Making Some Promises (in Parse, but also relevant to jQuery and Backbone)

What a confusing topic. Unfortunately, if you start wanting to add “library” features to your code, like I did, you have to study Promises.

These are notes about Parse.Promises, and the end product is a small object that caches models.

What is a Promise?

It’s a chain of functions. This is the most common form.

var result = promise.then( callback (x) ).then( callback (y) ).then( callback (z) );

What makes it unusual is that this chain of functions will resolve in the future. By “resolve”, I mean return a value. With Promises, the return value of each then() is passed to the next then() and used as input into the callback. The entire chain resolves to the value returned by the lass then(). It’s a little bit like a pipeline, except it’s sequential. It’s also asynchronous. Each call to then() returns a Promise immediately, so the chain is constructed before all of the functions complete execution.

Inside each callback, you might have an asynchronous function, like a call to a REST API over the network. The Promise chain can sequence them.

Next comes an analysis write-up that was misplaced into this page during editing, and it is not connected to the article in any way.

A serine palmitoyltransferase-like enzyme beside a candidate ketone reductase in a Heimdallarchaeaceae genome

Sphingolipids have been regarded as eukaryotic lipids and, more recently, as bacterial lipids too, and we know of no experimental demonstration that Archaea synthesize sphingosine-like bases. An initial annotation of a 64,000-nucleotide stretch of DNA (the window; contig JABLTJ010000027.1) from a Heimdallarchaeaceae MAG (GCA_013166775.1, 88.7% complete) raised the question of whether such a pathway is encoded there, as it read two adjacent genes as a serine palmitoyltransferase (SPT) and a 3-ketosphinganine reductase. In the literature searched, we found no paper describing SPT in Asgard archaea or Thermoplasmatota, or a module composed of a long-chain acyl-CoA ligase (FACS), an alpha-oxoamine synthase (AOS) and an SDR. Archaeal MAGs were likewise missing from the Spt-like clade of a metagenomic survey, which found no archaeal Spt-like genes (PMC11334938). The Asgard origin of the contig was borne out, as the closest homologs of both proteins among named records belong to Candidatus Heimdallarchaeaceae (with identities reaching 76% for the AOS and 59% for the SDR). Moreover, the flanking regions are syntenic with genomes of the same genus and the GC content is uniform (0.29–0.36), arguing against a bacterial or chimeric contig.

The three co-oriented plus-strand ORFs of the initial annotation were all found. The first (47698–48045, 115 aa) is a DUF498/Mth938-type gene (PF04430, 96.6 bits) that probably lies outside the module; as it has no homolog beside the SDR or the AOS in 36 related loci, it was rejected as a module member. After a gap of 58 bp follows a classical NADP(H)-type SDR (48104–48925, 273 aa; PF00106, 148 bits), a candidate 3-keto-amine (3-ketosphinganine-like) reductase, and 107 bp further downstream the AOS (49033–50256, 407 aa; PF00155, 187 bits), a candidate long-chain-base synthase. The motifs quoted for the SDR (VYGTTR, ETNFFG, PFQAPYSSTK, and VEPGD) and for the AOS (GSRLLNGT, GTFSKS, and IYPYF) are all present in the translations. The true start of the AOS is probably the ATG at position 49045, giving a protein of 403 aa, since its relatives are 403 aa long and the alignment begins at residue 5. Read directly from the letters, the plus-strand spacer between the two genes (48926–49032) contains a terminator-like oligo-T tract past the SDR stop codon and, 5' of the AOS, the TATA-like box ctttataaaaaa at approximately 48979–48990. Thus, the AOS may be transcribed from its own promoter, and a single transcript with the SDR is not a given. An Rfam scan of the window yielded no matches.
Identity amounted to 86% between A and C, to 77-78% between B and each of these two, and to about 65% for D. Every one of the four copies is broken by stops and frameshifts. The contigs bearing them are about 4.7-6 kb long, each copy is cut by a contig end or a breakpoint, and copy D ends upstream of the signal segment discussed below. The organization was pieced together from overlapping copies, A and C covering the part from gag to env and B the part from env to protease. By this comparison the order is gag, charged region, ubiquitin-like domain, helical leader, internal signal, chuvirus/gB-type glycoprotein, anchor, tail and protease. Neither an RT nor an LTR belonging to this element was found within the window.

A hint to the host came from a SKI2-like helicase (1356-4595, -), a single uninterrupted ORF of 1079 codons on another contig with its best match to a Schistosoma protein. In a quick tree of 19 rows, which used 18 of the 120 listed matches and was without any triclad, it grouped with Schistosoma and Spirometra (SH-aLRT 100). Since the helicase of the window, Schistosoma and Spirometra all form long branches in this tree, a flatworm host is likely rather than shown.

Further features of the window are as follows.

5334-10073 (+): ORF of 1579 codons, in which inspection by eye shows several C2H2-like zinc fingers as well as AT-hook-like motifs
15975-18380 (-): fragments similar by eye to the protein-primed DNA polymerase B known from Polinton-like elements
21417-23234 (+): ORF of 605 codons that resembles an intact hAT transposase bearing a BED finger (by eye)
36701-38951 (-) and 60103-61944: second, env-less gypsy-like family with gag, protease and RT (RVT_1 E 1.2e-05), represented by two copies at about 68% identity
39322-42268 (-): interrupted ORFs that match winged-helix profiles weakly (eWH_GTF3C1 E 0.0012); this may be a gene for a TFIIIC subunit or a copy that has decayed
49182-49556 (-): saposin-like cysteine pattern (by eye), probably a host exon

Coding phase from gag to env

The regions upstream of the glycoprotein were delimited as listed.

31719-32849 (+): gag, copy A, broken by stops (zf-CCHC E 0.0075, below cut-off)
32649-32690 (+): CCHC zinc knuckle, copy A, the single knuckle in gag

There’s more to it, but that’s partly what’s relevant to this note.

There’s another kind of Promise created with Parse.Promise.as(value). This is a promise that resolves to the value.

Why not just return the value like “return value;”? Because when you’re programming with promises, you are managing the chain of promises, not passing values around. It’s like two different tasks related to plumbing: building pipelines, and passing water. You use promises to make the pipes. You’ll pass the water later – but don’t mix up the two things.

.as() constructs a promise that contains the value. It injects the value into the promises.

What follows is some demo code.

This is a pretend-cache. There’s no slow service that’s backing it, but I wrote it to understand Promises. There are a lot of good tutorials out there to read.


        function NetCache() {
            this.data = {'x':100, 'y':200};
        }
        NetCache.prototype.lookup = function(id) {
            var res;
            if (this.data[id]) {
                console.log("in lookup, then clause");
                var promise = Parse.Promise.as(this.data[id]);
                return promise;
            } else {
                this.data[id] = "set value for id to "+id;
                var promise = Parse.Promise.as(this.data[id]);
                return promise.then(function(user) {
                    console.log("in lookup, else clause 1, value of " + user);
                    return "from first promise";
                }).then(function(user) {
                    console.log("in lookup, else clause 2, value of " + user);
                    return "value from second promise";
                });
            }
        };
        var x = new NetCache;
        x.lookup('x').then(function(z) { console.log(z); });
        x.lookup('y').then(function(z) { console.log(z); });
        x.lookup('z').then(function(z) { console.log(z); });